A few months ago, I went to the dentist. They said my tooth was falling out:
As you can see, it’s not really a normal tooth. [Hint: see post.] It needed to be removed as it was causing bone loss in other teeth. [Please note: in the interests of TMI some graphic photos follow.]
See, when I was ten, and like many most kids, I was pretty curious. Friends of my parents bought a new home in Sangerville and we (Mom, Dad, Bill and me) went to check it out. When we were in the kitchen I noticed this really cool closet and investigated. I walked in and… you guessed it, fell down a flight of stairs. The only damage, I broke my two front teeth. Since then I’ve had 2 sets of caps, bonding and and then crowns. Until now.
To fix, the best, and really only, option (other than going around with a hole in my mouth) was to have a dental implant with crown installed. What they’d do is: remove the tooth; insert a titanium implant; surround the implant with bone grafting; and, when it heals and sets, install the crown. The kicker, it will take at least 6 months to heal/set. The solution: a flipper, a retainer-like object with a fake tooth attached. The good news was that only one tooth needed to be done.
So I procrastinated for a few months, got the money together (because the best option, is, of course, the most expensive) and made my appointment to get my implant on.
The plan. Get fitted for flipper. Get fitted again. Go to oral surgeon, get tooth extracted and implant installed. Then go to the dentists and get flipper fitted (again.)
A little snaggly, huh?
The worst part of the oral surgery was the shots for the local anesthetic. The rest was only uncomfortable because I kept thinking about what they were doing. The extraction itself went very smoothly. The surgeon said “First, I’m going to remove the crown, and then we’ll do the tooth.” He pulls on the crown and… the whole tooth comes out:
The offending dent.
Then the implant was installed. Which was weird. Not at all painful. Just weird. It was screwed in or something. Then cadaver bone was packed around the implant (that’s the bone grafting. I hope I got a nice person!)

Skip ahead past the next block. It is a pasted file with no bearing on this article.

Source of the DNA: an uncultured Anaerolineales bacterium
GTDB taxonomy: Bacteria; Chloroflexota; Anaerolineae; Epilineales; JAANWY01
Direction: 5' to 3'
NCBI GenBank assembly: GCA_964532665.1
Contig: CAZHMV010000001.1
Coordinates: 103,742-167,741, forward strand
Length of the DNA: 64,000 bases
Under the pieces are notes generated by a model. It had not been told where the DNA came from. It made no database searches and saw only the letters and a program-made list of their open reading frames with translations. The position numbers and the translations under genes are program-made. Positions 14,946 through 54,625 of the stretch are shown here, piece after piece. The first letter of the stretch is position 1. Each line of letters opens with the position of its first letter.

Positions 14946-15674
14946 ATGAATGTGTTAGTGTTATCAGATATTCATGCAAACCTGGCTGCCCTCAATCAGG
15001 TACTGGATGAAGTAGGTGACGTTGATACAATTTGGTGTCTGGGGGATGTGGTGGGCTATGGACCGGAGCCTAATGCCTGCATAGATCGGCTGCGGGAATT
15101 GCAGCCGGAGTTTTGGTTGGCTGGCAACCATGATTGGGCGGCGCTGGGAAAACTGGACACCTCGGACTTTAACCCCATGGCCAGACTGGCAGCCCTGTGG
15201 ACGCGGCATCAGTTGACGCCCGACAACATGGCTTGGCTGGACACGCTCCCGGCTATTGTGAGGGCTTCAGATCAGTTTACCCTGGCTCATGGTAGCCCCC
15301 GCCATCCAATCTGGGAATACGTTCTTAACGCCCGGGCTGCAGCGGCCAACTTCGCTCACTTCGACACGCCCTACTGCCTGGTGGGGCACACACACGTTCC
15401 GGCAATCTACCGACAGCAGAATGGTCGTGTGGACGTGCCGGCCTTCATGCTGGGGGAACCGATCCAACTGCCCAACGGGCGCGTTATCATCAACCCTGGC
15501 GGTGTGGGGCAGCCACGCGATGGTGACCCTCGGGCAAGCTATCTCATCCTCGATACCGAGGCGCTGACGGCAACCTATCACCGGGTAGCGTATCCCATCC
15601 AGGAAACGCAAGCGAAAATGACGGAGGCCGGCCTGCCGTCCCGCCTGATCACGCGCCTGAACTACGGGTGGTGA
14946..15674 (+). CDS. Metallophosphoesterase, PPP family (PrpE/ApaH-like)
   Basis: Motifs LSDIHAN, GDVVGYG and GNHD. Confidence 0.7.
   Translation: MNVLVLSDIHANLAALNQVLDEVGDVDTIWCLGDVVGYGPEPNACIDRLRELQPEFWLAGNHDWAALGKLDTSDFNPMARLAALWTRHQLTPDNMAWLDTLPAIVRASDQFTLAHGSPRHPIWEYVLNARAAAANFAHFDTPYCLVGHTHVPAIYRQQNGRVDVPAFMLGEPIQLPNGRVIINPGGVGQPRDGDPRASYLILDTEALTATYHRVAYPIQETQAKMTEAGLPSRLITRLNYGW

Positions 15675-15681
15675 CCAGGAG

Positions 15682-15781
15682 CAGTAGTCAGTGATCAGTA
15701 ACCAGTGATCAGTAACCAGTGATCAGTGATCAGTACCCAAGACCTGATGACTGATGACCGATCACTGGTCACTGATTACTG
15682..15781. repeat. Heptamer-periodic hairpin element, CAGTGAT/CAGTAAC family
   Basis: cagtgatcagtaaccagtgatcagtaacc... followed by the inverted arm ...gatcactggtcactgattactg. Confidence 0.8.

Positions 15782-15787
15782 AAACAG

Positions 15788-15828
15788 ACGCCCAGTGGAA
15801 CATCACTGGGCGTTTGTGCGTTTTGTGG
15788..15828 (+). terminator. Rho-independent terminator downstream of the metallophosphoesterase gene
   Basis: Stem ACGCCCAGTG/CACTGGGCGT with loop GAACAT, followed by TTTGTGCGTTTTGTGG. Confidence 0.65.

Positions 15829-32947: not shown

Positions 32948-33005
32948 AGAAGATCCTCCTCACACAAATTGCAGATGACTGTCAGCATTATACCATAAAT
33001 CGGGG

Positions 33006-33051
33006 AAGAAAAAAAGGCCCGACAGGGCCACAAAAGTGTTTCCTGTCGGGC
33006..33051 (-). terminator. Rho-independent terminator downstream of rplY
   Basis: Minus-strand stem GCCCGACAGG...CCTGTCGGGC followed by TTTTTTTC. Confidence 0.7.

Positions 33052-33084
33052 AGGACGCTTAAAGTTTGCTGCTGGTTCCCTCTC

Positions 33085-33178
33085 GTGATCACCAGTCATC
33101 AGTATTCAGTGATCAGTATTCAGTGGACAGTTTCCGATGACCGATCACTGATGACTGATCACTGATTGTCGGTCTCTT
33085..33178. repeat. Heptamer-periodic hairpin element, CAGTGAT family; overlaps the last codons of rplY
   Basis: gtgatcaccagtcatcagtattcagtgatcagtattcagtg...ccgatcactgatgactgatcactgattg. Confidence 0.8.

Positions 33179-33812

Next I drove to my dentist’s office here in Westbrook (see, because I had local anesthetic I was able to drive) and had my flipper installed.
Realized I looked really bad in the first picture, so I made sure to smile in the second one!
It looks better in my mouth!
Before and After
The flipper sits in my mouth much like a retainer would. I can eat with it, but I can’t use it to bite or tear food. Today I had a huge piece of bread at lunch and took too big of a bite, the flipper flopped right out of place. If I keep the amount of food in my mouth small, it is usually pretty manageable.
For the first week and a half the flipper was very uncomfortable, it wasn’t until this past Monday that it didn’t hurt to put in in the morning. However, I am really happy with how it looks. And I like freaking people out with it.
One of the scary things is that it is possible for an implant to fail. Yikes. And I won’t even find out how it’s going until I’ve had the implant for four months.
All-in-all, I have to say that, so far, the implant procedure has been a relatively smooth process. And I would recommend it, especially for visible teeth. Of course, I might say something different later, so check back in a few months.
Edited to add: I added a follow up My Flipper: And the Dental Implant Saga – Part II on November 20, 2011. Check it out!